One of Donald Trump’s idols in the business world may come as a surprise. He was little known, and liked it that way. He was a daring pilot during World War II. And on the playing fields of deal-making, he was the future president’s polar opposite—the very embodiment of self-discipline, humility and grace under pressure.
Fortune unveils an article about Kirk Kerkorian, a self-made billionaire and fellow hotel developer, who started out as a penniless eighth-grade dropout from California before becoming a Hollywood movie mogul, a Las Vegas casino magnate, and one of America’s richest men. His largely unheralded charitable giving also made him one of the country’s most generous tycoons.
In many ways, he was the un-Donald, yet Trump regarded Kerkorian as business royalty. When a New York Times columnist was calling Kerkorian—then in his late 80s—“the god of all deal makers,” Trump was likewise calling him “the King” and publicly declared: “I love that guy.”
The stories of the two fellow billionaires have obvious parallels, but perhaps more interesting than that, is how vastly they diverged in their approaches to achieving remarkably similar versions of the modern American dream.
By the time Kerkorian died at age 98 in 2015, he owned most of the major hotels and casinos on The Strip. But his name was on none of them. And though he transformed the American gambling mecca, Kerkorian’s name never appeared on a street sign, a park site or so much as a private parking spot.
The Las Vegas skyline does, however, have the giant gold letters T-R-U-M-P atop the 64-story Trump International Hotel.
The reticent Kerkorian avoided media engagement. He declined most interviews and lived by his own rule against divulging anything about his personal or business interests. The first Kirk commandment was: don’t talk too much. His second was: never talk about yourself.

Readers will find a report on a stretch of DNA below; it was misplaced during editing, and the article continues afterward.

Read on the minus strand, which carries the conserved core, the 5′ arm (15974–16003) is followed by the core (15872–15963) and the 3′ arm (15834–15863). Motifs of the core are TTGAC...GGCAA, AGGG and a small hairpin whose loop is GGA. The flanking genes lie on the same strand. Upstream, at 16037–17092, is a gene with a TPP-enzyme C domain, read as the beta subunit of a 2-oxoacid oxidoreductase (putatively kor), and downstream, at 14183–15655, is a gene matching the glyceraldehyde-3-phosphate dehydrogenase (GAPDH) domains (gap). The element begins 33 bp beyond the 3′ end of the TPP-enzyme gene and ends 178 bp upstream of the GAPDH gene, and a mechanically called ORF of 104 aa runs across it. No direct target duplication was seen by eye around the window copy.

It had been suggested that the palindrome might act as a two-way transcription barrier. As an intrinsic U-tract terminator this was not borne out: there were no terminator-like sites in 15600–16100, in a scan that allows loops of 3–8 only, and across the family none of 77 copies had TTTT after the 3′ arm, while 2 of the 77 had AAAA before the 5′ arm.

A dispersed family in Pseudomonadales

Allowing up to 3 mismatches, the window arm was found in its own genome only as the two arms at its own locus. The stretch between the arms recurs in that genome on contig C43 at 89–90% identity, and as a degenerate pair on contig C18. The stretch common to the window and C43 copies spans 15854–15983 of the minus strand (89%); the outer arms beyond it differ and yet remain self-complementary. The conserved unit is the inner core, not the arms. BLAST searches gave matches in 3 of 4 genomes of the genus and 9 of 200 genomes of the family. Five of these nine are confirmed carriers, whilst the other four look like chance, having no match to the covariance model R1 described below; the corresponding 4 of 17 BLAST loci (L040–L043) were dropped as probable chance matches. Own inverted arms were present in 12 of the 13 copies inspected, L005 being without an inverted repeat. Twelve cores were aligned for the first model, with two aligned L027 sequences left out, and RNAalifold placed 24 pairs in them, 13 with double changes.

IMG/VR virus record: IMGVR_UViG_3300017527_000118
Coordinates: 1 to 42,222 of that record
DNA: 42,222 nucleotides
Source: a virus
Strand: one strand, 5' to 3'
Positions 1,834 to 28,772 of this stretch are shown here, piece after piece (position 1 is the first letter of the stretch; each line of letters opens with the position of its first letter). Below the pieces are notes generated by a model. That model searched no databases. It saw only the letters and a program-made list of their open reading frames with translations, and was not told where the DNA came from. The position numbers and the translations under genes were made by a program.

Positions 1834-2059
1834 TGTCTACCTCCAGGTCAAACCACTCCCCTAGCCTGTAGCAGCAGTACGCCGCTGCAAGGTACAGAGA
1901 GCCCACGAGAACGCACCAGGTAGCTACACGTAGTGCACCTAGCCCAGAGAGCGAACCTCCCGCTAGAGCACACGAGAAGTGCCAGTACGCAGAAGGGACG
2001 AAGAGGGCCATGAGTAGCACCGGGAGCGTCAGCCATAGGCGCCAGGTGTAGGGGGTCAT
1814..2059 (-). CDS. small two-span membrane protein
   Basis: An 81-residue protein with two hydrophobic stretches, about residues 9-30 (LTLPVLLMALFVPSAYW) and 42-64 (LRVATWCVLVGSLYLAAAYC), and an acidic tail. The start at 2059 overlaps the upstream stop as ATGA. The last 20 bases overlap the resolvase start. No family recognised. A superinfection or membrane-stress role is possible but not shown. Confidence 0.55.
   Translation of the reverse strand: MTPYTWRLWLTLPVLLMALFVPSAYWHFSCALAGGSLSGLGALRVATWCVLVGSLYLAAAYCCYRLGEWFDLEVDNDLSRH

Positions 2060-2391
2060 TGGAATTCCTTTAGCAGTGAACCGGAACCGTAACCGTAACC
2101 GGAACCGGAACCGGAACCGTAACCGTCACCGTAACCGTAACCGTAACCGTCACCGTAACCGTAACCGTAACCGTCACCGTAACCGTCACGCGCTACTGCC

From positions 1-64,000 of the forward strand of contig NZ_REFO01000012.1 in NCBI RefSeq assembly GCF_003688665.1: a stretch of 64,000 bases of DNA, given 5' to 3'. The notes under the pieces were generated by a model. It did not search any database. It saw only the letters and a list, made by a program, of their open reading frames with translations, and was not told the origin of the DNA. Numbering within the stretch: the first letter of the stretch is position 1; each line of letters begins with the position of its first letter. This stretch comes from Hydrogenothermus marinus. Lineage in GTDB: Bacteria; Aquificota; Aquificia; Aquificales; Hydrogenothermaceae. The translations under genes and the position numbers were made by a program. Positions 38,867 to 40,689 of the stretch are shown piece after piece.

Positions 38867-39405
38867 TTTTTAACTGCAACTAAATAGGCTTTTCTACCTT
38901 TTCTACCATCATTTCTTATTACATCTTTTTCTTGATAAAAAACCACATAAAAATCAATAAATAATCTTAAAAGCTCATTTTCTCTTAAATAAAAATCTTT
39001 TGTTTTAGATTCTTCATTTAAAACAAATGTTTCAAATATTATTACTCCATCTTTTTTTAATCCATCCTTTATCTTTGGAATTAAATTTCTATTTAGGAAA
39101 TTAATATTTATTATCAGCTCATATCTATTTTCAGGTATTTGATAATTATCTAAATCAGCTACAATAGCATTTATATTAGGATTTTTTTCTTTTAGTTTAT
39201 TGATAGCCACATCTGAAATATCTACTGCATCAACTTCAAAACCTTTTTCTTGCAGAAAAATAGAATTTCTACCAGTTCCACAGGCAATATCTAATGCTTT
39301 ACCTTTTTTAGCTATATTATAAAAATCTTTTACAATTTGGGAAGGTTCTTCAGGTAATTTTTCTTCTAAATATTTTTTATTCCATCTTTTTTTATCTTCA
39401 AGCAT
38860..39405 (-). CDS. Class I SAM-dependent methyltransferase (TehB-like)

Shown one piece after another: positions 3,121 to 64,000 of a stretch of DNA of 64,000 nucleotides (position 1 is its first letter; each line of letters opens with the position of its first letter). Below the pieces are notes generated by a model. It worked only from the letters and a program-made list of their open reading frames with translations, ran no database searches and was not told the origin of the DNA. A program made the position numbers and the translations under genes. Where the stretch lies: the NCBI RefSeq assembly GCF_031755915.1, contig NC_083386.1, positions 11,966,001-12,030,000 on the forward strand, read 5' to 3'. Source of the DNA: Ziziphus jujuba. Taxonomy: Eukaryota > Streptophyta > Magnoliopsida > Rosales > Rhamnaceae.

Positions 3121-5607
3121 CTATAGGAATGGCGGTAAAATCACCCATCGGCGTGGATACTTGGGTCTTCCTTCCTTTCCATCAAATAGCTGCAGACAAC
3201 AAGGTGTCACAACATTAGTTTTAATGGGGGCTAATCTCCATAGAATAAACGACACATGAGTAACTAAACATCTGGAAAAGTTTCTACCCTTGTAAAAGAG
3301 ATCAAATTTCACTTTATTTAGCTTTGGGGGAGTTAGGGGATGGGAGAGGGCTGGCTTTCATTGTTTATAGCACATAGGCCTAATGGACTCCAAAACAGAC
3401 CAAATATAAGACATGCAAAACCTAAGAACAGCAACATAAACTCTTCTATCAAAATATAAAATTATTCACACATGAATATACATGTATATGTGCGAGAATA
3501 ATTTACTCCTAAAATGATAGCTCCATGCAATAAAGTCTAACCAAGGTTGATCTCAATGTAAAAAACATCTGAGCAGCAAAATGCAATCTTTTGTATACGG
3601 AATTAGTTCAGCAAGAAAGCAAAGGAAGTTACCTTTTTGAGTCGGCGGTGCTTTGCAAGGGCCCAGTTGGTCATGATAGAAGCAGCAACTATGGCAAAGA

Trump was notorious for self-promotion well before entering politics. Even before becoming the nation’s Tweeter-in-Chief, he sometimes posed as his own public relations guy to pass along all kinds of personal and business information to the press. In 1989 he even talked his way onto a Forbes list of billionaires, only to be summarily dumped for inflating his net worth—found to be “in hailing distance of zero” upon review by magazine editors.
Though fiercely competitive, Kerkorian carried no grudges. Even after intense negotiations, Kerkorian’s business competitors often ended up as social friends. His closest associates said he never had a bad thing to say about anyone. Trump’s response to his Forbes list demotion was also typically Trumpian—accusing deceased magazine publisher Malcolm Forbes of “finally getting back at me from the grave.”
Kerkorian studiously avoided both the trappings of celebrity and any involvement in political activism. But he also admired, perhaps even envied, Trump for his easy command of audiences. The naturally shy son of illiterate Armenian immigrants was almost paralytic about public speaking. “I wish I could talk like Trump,” he told friends.
And, had Kerkorian lived to see it, he almost certainly would have been impressed with the audacity of Trump’s 2016 presidential bid. For Kerkorian, a heroic wartime aviator and seemingly fearless gambler—who once risked a million dollars on a single roll of the dice, who wagered his fortune more than once on major Las Vegas developments, and who favored big bets, win or lose—seeking the White House would definitely have qualified as a praise-worthy whale of a big bet.